NewYork Times; By DECLAN WALSH: Making up is never easy. But as Pakistan and the United States try to restart their troubled relationship after a year of spectacular crises, the difference could come down to drones.
For the Obama administration, facing a faltering war effort and increasingly distrustful allies in Afghanistan, the covertC.I.A. drone strike campaign centered on North and South Waziristan in northwestern Pakistan has acquired new relevance.
Although the drones are best known for targeting senior commanders of Al Qaeda — two more were reported killed in January — they also play a vital role in combating cross-border infiltration from Taliban havens inside Pakistan. Of the 10 confirmed strikes so far this year, 6 hit vehicles filled with fighters that, in several cases, were headed for the Afghan border, a senior United States official said.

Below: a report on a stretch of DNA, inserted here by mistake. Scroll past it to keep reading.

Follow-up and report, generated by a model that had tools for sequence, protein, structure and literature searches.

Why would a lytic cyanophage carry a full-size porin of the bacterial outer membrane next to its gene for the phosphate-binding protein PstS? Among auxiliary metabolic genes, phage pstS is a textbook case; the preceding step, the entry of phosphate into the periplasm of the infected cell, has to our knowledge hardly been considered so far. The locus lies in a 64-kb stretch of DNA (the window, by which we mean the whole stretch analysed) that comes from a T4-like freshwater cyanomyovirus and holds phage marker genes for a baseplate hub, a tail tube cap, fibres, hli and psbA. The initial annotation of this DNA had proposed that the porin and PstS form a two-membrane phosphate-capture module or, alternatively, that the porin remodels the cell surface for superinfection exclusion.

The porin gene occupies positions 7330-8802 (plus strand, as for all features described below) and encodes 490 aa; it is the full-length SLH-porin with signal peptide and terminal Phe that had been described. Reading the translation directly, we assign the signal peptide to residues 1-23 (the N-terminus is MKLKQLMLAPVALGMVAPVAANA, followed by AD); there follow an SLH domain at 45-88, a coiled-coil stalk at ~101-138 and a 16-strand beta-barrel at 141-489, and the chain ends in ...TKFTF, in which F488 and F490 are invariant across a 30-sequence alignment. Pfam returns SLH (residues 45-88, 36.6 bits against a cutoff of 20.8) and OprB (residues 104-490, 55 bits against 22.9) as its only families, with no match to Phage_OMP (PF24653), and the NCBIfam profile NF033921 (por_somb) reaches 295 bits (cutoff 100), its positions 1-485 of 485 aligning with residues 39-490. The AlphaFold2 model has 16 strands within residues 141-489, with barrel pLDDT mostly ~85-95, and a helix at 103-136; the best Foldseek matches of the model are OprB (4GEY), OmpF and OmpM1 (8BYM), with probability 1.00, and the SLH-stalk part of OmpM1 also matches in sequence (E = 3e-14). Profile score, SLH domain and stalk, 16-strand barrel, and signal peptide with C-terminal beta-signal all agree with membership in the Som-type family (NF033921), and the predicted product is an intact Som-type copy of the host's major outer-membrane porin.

“We must protect the troops, and almost all of that stuff is in Waziristan,” said the official, speaking on the condition of anonymity because the drone program is classified.
Interviews with militants in those areas leave little doubt that the drones have disrupted their operations, driving fugitive leaders deeper into the mountains. But that matters little in mainstream Pakistan, where public discourse rings with thunderous condemnations of breached sovereignty and civilian casualties.